CSX Corp., Norfolk Southern Corp., and Union Pacific Corp. climbed as lower coal stockpiles and a commodities rally led by grain and oil hinted that a cargo slump may have hit bottom.
Farmers, who have stored grain to wait for higher prices, may begin to ship more as prices for corn, soybeans and other crops begin to climb, said Frank Lonegro, chief financial officer of CSX said during a presentation at a Deutsche Bank AG conference in Wednesday. Since April, prices have risen 22 percent for corn and 29 percent for soybeans.
“The farmers collectively needed to see an uptick in the prices in order to unlock some of the grain that they had in storage,” Lonegro said. “So good crop prices are positive in terms of volumes.”
Railroads have been cutting costs and storing locomotives as lower shipments of coal, oil and grain cause a decline in freight. Carloads for the five major U.S. carriers fell 6.5 percent in the first quarter and so far have dropped 10.4 percent this quarter, according to the Association of American Railroads, a trade group that reports weekly shipments.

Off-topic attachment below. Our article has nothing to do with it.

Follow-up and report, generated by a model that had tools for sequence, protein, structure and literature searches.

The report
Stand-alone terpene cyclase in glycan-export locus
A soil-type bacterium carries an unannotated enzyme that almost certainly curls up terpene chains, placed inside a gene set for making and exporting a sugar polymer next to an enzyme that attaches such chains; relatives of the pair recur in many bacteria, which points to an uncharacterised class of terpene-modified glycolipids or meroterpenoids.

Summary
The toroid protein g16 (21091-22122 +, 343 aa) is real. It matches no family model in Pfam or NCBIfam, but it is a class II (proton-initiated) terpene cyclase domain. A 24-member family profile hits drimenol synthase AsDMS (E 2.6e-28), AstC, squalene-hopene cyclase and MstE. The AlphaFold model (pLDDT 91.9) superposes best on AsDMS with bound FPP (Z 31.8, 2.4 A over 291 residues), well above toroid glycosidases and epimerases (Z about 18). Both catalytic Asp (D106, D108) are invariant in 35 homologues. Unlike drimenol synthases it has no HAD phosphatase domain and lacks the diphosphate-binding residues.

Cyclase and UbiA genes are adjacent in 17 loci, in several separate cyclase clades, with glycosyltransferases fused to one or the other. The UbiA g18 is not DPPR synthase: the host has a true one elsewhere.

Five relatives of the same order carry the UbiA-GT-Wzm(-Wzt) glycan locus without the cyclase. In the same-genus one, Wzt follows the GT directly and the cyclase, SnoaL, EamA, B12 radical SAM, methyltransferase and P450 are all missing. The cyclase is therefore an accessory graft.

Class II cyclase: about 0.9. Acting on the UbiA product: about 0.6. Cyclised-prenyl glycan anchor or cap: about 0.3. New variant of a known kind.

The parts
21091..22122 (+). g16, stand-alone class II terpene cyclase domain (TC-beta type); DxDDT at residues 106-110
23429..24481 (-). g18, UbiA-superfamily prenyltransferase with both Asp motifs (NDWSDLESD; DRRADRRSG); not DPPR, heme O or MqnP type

Coal stockpiles have declined in the regions served by CSX, the largest railroad in the eastern U.S., Lonegro said. In the North, there were 87 days of coal stocks and 113 days in the South, he said. That’s less than 105 days in the North and about 180 days in the South that Lonegro gave on May 24.
“The fact that coal stockpiles have been coming down is a good data point for people waiting for any inclination of a bottom for coal,” said Lee Klaskow, an analyst with Bloomberg Intelligence, in a telephone interview.
CSX gained 2 percent to $27.01 at 3:11 p.m. in New York and its main competitor in the east, Norfolk Southern, climbed 2.7 percent to $86.01. Union Pacific, the largest publicly traded railroad, rose 1.4 percent to $88.83. All three earlier posted their biggest intraday gains since April 22, the day after Norfolk Southern reported first-quarter earnings that beat analyst estimates.